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**Figure 1.**Angular-diameter distance ${D}_{A}$ (purple curve) as calculated within the $\mathsf{\Lambda}$CDM model for ${H}_{0}=70$ km s${}^{-1}$ Mpc${}^{-1}$. The luminosity distance ${D}_{L}$ (dashed line) and comoving distance ${D}_{C}$ (dotted curve) are also shown for comparison.

**Figure 2.**Angular diameter of a 10 kpc-size object (

**left**) and the linear diameter $\delta $ of a one-arcsec-size object (

**right**) as functions of redshift z, corresponding to various models within the expanding-universe framework (FLRW). The purple curves show the $\theta \left(z\right)$ relation for the standard $\mathsf{\Lambda}$CDM model with ${\mathsf{\Omega}}_{\mathrm{M}}=0.3$ and ${H}_{0}=70.0$ km s${}^{-1}$ Mpc${}^{-1}$. The green curves correspond to the Einstein-de Sitter Universe (${\mathsf{\Omega}}_{\mathrm{M}},{\mathsf{\Omega}}_{\mathsf{\Lambda}})=(1,0)$. The blue and yellow curves show $\theta \left(z\right)$ for two values of ${\mathsf{\Omega}}_{\mathrm{M}}$ for FLRW models without dark energy.

**Figure 3.**Angular size of a 10 kpc-size object as a function of redshift z within the framework of the static-Universe model (the red curve) as compared to the same relationship within the framework of the $\mathsf{\Lambda}$CDM model (purple curve) for ${H}_{0}=70$ km s${}^{-1}$ Mpc${}^{-1}$.

**Figure 4.**JWST galaxy physical sizes (effective radii ${r}_{e}$, in kpc) as estimated within the framework of the standard $\mathsf{\Lambda}$CDM cosmological model [5,28,29,81,82,83,84,85,86,87] (purple points) and sizes of the same galaxies as they would appear in a static Universe (green points), for which we have used the formalism of Zwicky’s dissipative (tired-light) model.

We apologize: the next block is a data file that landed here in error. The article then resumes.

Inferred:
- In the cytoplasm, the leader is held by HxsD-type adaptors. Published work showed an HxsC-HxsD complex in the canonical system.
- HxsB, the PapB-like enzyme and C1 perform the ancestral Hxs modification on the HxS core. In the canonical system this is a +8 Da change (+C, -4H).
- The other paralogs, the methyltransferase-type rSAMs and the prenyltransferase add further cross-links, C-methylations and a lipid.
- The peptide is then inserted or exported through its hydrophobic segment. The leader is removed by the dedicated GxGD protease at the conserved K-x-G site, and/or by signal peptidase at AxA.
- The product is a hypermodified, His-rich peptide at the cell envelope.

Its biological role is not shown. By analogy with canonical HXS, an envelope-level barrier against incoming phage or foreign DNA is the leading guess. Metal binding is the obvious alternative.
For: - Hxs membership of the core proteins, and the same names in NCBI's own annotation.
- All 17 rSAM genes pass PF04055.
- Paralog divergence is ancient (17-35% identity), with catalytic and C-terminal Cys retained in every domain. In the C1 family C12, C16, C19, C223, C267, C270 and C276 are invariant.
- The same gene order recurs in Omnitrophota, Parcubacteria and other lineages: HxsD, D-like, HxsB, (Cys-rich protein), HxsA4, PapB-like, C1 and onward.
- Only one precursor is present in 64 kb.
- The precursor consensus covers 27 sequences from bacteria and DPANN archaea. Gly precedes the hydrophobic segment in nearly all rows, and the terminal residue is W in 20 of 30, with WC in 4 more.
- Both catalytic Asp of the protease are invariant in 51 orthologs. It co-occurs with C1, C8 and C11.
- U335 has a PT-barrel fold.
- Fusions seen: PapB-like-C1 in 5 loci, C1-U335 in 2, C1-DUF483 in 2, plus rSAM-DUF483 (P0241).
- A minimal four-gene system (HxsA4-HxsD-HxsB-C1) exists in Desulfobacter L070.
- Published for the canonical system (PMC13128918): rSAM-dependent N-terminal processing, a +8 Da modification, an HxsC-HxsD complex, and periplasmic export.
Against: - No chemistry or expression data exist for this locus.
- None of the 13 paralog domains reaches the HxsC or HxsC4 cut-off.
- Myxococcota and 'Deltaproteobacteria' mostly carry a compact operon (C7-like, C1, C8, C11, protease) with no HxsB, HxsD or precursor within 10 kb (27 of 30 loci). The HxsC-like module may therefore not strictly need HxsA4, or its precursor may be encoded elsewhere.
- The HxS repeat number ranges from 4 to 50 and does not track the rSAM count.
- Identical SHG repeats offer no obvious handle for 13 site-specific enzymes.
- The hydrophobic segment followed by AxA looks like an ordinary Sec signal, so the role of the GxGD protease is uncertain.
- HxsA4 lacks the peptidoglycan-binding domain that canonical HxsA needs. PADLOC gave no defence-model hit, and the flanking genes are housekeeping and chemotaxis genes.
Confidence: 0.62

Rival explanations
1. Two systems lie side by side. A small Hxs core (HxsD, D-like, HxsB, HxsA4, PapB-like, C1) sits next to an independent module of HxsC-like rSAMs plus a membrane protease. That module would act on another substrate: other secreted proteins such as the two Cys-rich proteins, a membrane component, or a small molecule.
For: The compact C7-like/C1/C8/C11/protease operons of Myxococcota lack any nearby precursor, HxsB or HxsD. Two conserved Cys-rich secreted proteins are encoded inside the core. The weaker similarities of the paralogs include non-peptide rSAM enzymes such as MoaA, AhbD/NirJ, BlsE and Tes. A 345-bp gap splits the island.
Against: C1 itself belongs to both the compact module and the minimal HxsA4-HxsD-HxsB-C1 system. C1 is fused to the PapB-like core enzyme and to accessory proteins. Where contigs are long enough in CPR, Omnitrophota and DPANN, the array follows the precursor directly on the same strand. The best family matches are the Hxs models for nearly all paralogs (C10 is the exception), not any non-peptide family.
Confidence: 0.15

**Figure 5.**Angular diameters of a 10-kpc-size object as expected to be seen at different redshifts within the frameworks of $\mathsf{\Lambda}$CDM (dashed curve) and of the non-expanding Universe model, TL (dotted curve). These expectations are compared with the actual angular sizes found in the recent JWST observations (red points) and some pre-JWST observations (black points). The solid curve indicates the simplest linear function for angular diameters based on the Hubble constant ${H}_{0}$.

**Figure 6.**

**Left**: Masses of high-redshift galaxies as determined within the framework of $\mathsf{\Lambda}$CDM using the recent JWST observations (red points) and some pre-JWST observations (black points); the dashed curve indicates the factor ${(1+z)}^{-2}$ of the distance-luminosity relationship in the standard cosmology;

**Right**: the same masses corrected for the factor ${(1+z)}^{-2}$ in order to transform them to the static-Universe framework.

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Lovyagin, N.; Raikov, A.; Yershov, V.; Lovyagin, Y. Cosmological Model Tests with JWST. *Galaxies* **2022**, *10*, 108.
https://doi.org/10.3390/galaxies10060108

**AMA Style**

Lovyagin N, Raikov A, Yershov V, Lovyagin Y. Cosmological Model Tests with JWST. *Galaxies*. 2022; 10(6):108.
https://doi.org/10.3390/galaxies10060108

**Chicago/Turabian Style**

Lovyagin, Nikita, Alexander Raikov, Vladimir Yershov, and Yuri Lovyagin. 2022. "Cosmological Model Tests with JWST" *Galaxies* 10, no. 6: 108.
https://doi.org/10.3390/galaxies10060108